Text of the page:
Respecting the birth of the various vehicles and the influence which that has upon life, we may say that during the time from birth to the seventh year the lines of growth of the physical body are determined, and as it has been noted that sound is builder both in the great and small, we may well imagine that rhythm must have an enormous influence upon the growing and sensitive little child's organism. The apostle John in the first chapter of his Gospel expresses this idea mystically in the beautiful words: "In the beginning was the WORD...and without it was not anything made that was made... and the word became flesh." The Word is a rhythmic sound, which issued from the Creator, reverberated through the universe and marshaled countless millions of atoms into the multiplex variety of shapes and forms which we see about us. The mountain, the mayflower, the mouse, and the man are all embodiments of the great Cosmic Word which is still sounding through the universe and which is still building and ever building though unheard by our insensitive ears. But though we do not hear that wonderful celestial sound, we may work upon the little child's body by terrestrial music, and though the nursery rhymes are without sense, they are nevertheless bearers of a wonderful rhythm. The more a child is taught to say, sing, and repeat them, to dance and to march to them, the more music is incorporated into a child's daily life, the stronger and healthier will be its body in future years.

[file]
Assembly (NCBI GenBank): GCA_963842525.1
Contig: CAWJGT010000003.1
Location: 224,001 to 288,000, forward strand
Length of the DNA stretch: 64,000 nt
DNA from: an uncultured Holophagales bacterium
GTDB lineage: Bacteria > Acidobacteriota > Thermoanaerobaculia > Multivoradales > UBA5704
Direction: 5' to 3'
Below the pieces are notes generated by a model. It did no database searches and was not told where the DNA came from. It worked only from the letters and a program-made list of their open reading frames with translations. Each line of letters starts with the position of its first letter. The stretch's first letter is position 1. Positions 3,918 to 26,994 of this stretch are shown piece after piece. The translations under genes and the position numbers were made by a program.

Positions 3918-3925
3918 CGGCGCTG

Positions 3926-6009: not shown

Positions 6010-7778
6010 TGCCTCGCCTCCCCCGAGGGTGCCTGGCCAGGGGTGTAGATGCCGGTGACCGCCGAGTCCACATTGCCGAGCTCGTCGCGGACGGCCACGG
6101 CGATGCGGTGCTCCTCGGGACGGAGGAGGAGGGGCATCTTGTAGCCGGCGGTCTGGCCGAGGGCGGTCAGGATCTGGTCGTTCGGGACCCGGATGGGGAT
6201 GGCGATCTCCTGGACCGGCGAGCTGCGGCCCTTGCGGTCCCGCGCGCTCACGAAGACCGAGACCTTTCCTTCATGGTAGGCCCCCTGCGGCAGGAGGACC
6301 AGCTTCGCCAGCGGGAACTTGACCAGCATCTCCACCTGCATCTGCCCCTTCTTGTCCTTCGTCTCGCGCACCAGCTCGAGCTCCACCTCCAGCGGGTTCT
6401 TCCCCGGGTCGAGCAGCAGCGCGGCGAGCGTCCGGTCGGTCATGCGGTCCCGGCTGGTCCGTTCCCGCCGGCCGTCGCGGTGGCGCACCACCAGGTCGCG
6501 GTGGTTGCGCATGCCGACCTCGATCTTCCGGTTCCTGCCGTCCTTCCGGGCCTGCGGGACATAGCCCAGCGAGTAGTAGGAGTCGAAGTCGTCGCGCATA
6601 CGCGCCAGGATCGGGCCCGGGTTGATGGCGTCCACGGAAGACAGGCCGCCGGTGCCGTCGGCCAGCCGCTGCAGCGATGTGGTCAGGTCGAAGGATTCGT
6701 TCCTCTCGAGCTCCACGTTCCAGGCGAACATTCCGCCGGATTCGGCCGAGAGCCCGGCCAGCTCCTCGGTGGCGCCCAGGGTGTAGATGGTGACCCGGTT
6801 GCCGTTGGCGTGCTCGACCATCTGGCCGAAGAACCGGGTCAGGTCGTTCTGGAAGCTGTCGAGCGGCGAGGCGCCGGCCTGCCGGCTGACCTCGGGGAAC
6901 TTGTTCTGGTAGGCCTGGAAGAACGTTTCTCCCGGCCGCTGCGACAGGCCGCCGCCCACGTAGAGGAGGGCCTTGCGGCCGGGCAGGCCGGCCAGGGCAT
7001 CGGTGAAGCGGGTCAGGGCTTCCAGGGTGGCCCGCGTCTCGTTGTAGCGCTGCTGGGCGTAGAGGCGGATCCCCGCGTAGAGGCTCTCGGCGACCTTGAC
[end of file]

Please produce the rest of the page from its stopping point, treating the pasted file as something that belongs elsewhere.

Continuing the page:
There are two mottoes which apply during this period, one to the child and the other to the parent: example and imitation. No creature under heaven is more imitative than a little child, and its conduct in after years will depend largely upon the example set by its parents during its early life. It is no use to tell the child "not to mind." It has no mind wherewith to discriminate, but follows its natural tendency, as water flows down a hill, when it imitates. Therefore it behooves every parent to remember from morning till night that watchful eyes are upon him all the time, waiting but for him to act in order to follow his example. If anyone should attempt forcibly to extract a babe from the protecting womb of its mother, the outrage would result in death, because the babe had not yet arrived at a maturity sufficient to endure impacts of the Physical World. In the three septenary periods which follow birth, the invisible vehicles are still in the womb of Mother Nature. If we teach a child of tender years to memorize, or to think, or if we arouse its feelings and emotions, we are in fact opening the protecting womb of nature, and the results are equally as disastrous in other respects as a forced premature birth. Child prodigies usually become men and women of less than ordinary intelligence. We should not hinder the child from learning or thinking of his own volition, but we should not goad them on as parents often do to nourish their own pride.